#1
Also, how do I protect my current screw holes whilst repainting and laquering it?
#2
drill the holes to a size you can glue a wooden dowel in them, cut off the excess and sand flush.

put screws in the holes before you paint
2002 PRS CE22
2013 G&L ASAT Deluxe
2009 Epiphone G-400 (SH-4)
Marshall JCM2000 DSL100
Krank 1980 Jr 20watt
Krank Rev 4x12 (eminence V12)
GFS Greenie/Digitech Bad Monkey
Morley Bad Horsie 2
MXR Smart Gate
#3
Quote by Robbgnarly
drill the holes to a size you can glue a wooden dowel in them, cut off the excess and sand flush.

put screws in the holes before you paint


And now you say it, it seems so obvious! Thanks for the info.
#4
Quote by Robbgnarly
drill the holes to a size you can glue a wooden dowel in them, cut off the excess and sand flush.

put screws in the holes before you paint



Yep, that's pretty much the best advice possible.

/thread
“Ignorance more frequently begets confidence than does knowledge.”
Charles Darwin
#6
Thanks guys. I was just about to ask a similar question because when I recently installed a Bigsby B7 on my Les Paul I discovered the hole for the strap pin was stripped. I cut off a few tooth picks and filled the hole with them and replaced the screw but I wanted a more permanent solution and this is it. Thanks again.
Yes I am guitarded also, nice to meet you.
#7
Quote by Robbgnarly
drill the holes to a size you can glue a wooden dowel in them, cut off the excess and sand flush.

put screws in the holes before you paint


Thats a good way.

What I like to do for general wood repairs, not necessarily for holes in wood is this:
1. Get some fine sawdust. You can drill some holes in some scrap wood or use a rasp. rough file, whatever gets you some fine grained sawdust.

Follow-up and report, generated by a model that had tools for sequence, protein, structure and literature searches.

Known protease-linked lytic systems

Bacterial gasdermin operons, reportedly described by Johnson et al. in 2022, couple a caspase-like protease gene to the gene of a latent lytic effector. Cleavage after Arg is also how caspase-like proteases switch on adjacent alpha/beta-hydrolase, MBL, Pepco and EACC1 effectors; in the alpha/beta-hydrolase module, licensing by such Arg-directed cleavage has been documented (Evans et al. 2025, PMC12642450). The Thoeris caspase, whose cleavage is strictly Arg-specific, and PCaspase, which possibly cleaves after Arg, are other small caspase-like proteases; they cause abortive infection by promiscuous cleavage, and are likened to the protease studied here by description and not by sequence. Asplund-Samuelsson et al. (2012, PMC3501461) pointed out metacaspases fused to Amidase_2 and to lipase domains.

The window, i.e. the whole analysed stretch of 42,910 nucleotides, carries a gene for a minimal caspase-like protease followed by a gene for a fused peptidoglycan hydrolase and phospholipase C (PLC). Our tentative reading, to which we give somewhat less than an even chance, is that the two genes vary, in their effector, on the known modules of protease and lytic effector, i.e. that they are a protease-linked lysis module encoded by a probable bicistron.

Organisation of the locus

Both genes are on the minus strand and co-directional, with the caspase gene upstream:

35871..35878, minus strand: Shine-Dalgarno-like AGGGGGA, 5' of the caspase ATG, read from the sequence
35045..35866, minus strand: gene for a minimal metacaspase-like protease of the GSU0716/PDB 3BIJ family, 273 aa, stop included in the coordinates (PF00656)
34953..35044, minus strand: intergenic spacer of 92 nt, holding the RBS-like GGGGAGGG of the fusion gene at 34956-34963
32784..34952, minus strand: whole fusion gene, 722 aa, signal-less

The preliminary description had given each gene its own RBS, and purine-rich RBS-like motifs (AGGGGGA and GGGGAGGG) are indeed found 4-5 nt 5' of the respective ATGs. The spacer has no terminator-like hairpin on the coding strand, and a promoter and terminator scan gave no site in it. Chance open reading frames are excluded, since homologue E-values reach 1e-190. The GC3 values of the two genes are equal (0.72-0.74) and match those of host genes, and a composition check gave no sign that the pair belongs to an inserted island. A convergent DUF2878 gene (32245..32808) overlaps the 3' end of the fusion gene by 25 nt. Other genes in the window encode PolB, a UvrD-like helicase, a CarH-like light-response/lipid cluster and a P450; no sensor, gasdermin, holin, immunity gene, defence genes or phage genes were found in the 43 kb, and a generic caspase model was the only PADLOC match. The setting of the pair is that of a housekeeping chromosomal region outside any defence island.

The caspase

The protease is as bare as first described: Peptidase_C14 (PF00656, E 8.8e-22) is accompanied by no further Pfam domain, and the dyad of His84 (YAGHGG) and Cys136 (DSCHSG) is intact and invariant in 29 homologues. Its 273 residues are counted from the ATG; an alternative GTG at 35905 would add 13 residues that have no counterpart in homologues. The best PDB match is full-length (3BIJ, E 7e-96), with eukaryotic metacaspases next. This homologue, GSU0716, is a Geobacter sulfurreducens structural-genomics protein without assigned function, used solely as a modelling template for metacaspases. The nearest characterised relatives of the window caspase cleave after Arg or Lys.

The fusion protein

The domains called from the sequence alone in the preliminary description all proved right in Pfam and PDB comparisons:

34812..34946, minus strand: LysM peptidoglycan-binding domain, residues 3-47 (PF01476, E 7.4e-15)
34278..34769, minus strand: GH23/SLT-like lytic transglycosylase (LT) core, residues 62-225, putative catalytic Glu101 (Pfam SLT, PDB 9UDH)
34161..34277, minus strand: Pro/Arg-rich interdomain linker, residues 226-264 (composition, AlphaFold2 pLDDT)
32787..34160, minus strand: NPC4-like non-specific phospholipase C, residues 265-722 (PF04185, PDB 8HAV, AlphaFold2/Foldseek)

2. Mix the sawdust with wood glue. Titebond works best IME.
3. Mix to a consistency of peanut butter. Maybe a little thinner, like honey.
4. Fill in the hole or wherever its needed. Overfill it a little bit as it will shrink some.
5. Sand it down.

I call it "CodeMonk's Deluxe Homemade Wood Putty™".
Last edited by CodeMonk at May 7, 2015,
#8
If you want it to be structurally strong, then the dowel is best but will show end grain.

If you want it to look like the original wood surrounding it, then a wooden plug can be made (using a drill-operated special plug cutting bit) from the same species of wood, oriented to have the same grain direction as the guitar wood, and glued into a clean hole (might need a small enlargement and be perfectly round, possibly using a forstner bit). This can be almost invisible and is used on violins where the fill and re-drill peg holes after they have worn out.

The glue and sawdust thing can work to surround a poor inlay but I have never achieved attractive results with it.

Just my own experience.